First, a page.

to take off, and if released on a tree trunk will hitch themselves up
thirty feet or so before launching into the air).

For me, one of the most satisfying papers was given by James Hopson.  It
set to rest, for me, the (as I have always conceived it) non-question of
whether Archaeopteryx was arboreal or terrestrial.  Hobson examined the
feet of a wide range of birds, and noted an interesting difference in the
structure of the third digit.  In ground-living birds, the proximal phalanx
of this digit is longer than the distal phalanx.  This is reversed in
climbing or arboreal birds, a difference that becomes even more striking if
you look at individual bird families rather than a a wide range of taxa.
Thus, in the family of birds containing the American Orioles, which are
arboreal, and the meadowlarks, which are terrestrial, the difference in
foot structure is very obvious.  Hopson showed that using modern birds as a
sample, you can get a very high predictive value out of the ratio of the
bones in the third digit that relates quite well to whether or not the bird
is ground-living or arboreal.  So what about Archaeopteryx?  Archaeopteryx,
as I would have expected from the very beginning for what is obviously a
basal and highly generalized animal, falls out midway between arboreal and
terrestrial forms on a principal components analysis.  In other words,
Archaeopteryx could probably get along in the ground or in trees, whichever
happened to be available at the time.  I would remind anyone who is about
point out to me that the Solnhofen area did not have trees that this means
extremely little, as we do not know whether Archaeopteryx-like animals were
found in other areas where there were forests and tall trees.  There
certainly are many living groups of birds that have both forests and open
country representatives that are closely related to each other.

Looking at other basal birds and related animals, Hopson found that the
foot of Rahonavis has the proportions of a ground dweller, Confuciusornis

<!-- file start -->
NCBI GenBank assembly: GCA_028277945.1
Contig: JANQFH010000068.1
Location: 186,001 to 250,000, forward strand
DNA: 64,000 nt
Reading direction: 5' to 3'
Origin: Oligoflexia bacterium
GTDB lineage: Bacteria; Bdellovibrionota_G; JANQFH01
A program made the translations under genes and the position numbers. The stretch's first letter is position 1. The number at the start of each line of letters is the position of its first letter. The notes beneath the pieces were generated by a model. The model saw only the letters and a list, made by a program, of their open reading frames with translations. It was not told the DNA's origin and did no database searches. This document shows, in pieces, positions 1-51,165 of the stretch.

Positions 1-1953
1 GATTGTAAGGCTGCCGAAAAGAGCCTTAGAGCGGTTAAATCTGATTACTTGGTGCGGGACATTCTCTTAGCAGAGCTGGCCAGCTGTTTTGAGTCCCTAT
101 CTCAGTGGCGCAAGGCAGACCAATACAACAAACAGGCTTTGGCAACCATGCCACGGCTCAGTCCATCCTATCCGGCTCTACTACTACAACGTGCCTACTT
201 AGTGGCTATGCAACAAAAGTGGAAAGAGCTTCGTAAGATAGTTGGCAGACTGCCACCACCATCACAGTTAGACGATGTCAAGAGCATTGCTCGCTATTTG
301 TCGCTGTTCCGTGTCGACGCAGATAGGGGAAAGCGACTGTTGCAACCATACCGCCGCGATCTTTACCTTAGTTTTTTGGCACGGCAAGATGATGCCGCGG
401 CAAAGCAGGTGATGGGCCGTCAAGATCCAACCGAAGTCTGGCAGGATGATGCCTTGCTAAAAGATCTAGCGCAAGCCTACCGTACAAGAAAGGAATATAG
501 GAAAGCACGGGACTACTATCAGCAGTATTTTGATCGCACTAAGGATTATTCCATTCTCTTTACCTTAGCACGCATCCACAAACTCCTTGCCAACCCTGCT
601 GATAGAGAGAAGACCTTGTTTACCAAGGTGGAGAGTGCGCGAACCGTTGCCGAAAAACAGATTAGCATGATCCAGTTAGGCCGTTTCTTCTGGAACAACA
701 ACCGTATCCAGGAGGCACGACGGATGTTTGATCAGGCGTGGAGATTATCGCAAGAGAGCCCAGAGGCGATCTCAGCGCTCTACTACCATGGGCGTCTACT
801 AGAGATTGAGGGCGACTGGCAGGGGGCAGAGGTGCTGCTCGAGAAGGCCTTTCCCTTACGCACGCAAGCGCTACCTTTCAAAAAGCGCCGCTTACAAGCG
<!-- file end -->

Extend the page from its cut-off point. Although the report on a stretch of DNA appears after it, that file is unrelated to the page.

comes out somewhat more arboreal in its structure  than Archaeopteryx,
Sinornis and Iberomesornis  end up as arboreal perchers, and the
alvarezsaurids  come out as ground-living creatures, as does Patagopteryx.
The non-avian theropods, when examined by this method, show trends towards
ground-living and cursoriality, but the more primitive ones are less well
marked in this way.  Thus Coelophysis actually comes out rather like
Archaeopteryx.

The proportions of hind limb elements also give some separation between
ground-living and arboreal forms, especially in groups like hornbills and
pigeons, which have both fully arboreal and strongly terrestrial species.
Interestingly, the various specimens of Archaeopteryx do not cluster
together in this way, the three largest specimens coming out among arboreal
pigeons, while the two smaller ones that Hobson examined appear to be more
terrestrial, again suggesting that we are dealing with a pretty generalized
animal (or, perhaps, complex of animals).

The next paper was a substitution, given by a graduate student whose name
escapes me.  He talked about the use of the forelimbs in maniraptoran
dinosaurs, including early birds, and in particular the use of the four
limbs in prey capture.  I have already alluded to this paper in my posting
on feathers as fossilized behavior, which I'm glad to see has started a
little discussion here.  The speaker pointed out that although the second
digit, if it had feathering equivalent to that in modern birds, would have
given rise to the remiges along its length, the third digit would have been
free and could have been used to subdue prey.  He compared be possible
hunting method of Velociraptor to a cat using its forelimbs to catch prey,
following up with a killing byte (or in the case of Velociraptor,
presumably a killing slash with the claw of the hind foot).  The evidence
that Velociraptor used its arms in this way is best shown by the famous
specimen of Velociraptor locked in combat with a Protoceratops.  The
speaker compared this method to that used by wolverines for killing
caribou, which are much larger animals than themselves.  I have already
gone into some detail, I should think, on why I am skeptical that an animal
that used its forelimbs in this way to would have had long, well-developed
remiges, and for reasons already expressed by another poster I do not think
I will spend much time going into the idea that Velociraptor might have
used these feathers as blinders.  One interesting comment, though, was that
using the arms in a forward lunge to capture prey actually imitates the
downstroke of a flying bird, suggesting that the two behaviors are at least
homologous.
--
Ronald I. Orenstein                           Phone: (905) 820-7886
International Wildlife Coalition              Fax/Modem: (905) 569-0116
1825 Shady Creek Court                 
Mississauga, Ontario, Canada L5L 3W2          mailto:ornstn@home.com